Computer scientists from Boston University, Brown University and the University of California, Irvine, will collaborate on a grant from the National Science Foundation (NSF) in the anticipated amount of $3 million to investigate "trustworthy interaction in the cloud." The cloud refers to Internet-based outsourced computation (popularly know as cloud computing), whereby shared resources, software, and information are provided to computers and other devices on demand.
As one of the most promising emerging concepts in information technology, outsourced computation is transforming how IT is consumed and managed, yielding improved cost efficiencies and delivering flexible, on-demand scalability. However, despite the relatively fast growth and increased adoption of clouds, aspects related to their security, privacy, and economic value proposition remain largely unanswered and are regarded by some technology experts as impediments to broader acceptance of this approach to computing.
"Developing the right mechanisms for the specification and verification of trust-enhancing service-level agreements in the cloud will avert conflicts among cloud market stakeholders," says Azer Bestavros, lead principal investigator and professor of computer science at Boston University. "Doing so will also improve the utility and hardness of our cyber-infrastructure, with significant benefit to our economy and society."
"As more and more data is being stored in the cloud, keeping that data private is becoming critical, especially for applications in finance and medicine," says Michael Goodrich, principal investigator and Chancellor's Professor at the University of California, Irvine.
The project supported by the NSF grant will address these concerns by examining the feasibility of extending cloud service-level agreements to cover aspects such as integrity of outsourced services, information leakage control, and fair market pricing. The project also will explore mechanisms that verify trust-enhancing service-level agreements are being followed and develop "trustworthiness" guarantees and tradeoffs to cloud customers and system integrators that are both practical and useable.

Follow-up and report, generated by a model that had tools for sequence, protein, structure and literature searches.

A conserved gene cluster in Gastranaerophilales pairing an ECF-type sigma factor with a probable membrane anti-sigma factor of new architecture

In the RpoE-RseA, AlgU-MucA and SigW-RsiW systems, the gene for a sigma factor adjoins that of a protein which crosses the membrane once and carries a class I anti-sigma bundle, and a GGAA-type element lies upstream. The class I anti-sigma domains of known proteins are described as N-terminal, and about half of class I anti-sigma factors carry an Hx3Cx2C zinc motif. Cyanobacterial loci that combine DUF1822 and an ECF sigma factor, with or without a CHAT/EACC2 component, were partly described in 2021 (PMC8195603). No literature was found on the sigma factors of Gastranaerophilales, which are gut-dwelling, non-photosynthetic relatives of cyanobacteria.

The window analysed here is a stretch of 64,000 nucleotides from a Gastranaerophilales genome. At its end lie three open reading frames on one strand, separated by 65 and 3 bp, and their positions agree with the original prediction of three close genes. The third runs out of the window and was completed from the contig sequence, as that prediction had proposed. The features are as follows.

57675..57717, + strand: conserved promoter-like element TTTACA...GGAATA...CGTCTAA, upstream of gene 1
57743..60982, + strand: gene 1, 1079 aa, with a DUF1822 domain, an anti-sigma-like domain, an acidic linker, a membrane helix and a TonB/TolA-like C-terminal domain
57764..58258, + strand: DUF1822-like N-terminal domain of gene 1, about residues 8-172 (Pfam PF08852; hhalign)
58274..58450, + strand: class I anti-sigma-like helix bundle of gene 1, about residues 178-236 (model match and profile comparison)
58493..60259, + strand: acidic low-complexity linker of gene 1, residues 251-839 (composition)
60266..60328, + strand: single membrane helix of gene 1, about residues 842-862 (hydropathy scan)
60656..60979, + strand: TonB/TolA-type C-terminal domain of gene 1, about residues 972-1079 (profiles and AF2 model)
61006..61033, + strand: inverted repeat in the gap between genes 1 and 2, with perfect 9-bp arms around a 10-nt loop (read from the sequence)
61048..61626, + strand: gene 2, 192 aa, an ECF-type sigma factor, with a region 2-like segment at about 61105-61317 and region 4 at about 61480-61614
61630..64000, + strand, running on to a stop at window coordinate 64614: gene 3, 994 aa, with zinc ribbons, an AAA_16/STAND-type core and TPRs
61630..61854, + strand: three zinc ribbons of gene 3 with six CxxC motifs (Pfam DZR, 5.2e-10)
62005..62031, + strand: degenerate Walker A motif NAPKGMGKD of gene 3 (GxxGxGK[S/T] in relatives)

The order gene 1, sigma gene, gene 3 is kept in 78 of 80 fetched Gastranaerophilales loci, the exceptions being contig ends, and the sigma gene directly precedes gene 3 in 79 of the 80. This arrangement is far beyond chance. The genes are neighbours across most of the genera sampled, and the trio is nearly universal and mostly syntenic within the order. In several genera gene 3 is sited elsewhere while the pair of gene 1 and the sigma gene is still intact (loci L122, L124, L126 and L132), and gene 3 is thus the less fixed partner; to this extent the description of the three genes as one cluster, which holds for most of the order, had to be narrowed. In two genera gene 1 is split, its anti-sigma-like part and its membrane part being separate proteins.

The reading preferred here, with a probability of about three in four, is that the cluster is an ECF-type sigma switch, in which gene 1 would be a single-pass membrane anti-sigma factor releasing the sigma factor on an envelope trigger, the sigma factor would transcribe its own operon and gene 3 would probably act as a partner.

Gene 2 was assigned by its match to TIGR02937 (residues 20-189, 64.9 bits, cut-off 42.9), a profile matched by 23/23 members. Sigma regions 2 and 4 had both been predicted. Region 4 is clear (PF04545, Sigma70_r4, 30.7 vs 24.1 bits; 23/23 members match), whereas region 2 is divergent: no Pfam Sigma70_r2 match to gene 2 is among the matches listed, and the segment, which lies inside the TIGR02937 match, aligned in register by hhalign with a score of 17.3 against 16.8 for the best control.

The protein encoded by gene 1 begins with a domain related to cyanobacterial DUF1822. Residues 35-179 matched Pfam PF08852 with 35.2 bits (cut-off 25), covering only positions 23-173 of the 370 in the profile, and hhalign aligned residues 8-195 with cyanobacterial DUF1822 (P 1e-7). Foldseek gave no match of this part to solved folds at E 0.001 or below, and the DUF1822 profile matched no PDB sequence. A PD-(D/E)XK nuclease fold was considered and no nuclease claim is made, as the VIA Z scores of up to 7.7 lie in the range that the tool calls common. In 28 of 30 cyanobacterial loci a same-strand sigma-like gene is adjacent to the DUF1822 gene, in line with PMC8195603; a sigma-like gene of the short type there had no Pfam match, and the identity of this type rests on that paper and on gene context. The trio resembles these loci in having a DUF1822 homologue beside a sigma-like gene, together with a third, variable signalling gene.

"We envision a new generation of trusted cloud computing services where users will be able to verify the integrity of their data stored in the cloud and the correctness of computations performed in the cloud," says principal investigator Roberto Tamassia. Tamassia is chair and Plastech Professor of Computer Science at Brown University.
The project's co-principal investigators include Leo Reyzin, associate professor, Jonathan Appavoo, assistant professor, and Nikos Triandopoulos, research assistant professor, at BU and Anna Lysyanskaya, associate professor, and Rodrigo Fonseca, assistant professor, at Brown.
In exploring these cloud computing-related issues, the team will collaborate with researchers at leading IT industrial labs at IBM, Microsoft, NetApp, RSA (the security division of EMC) and VMware. The project also will involve BU's Center for Reliable Information Systems and Cyber Security (RISCS) and the new Massachusetts Green High-Performance Computing Center (MGHPCC) to examine broader implications and impacts of cloud technology on society.
The project's ultimate goal is to define a viable marketplace for cloud computing resources in which users are assured that the services they acquire meet their performance, security, and privacy expectations.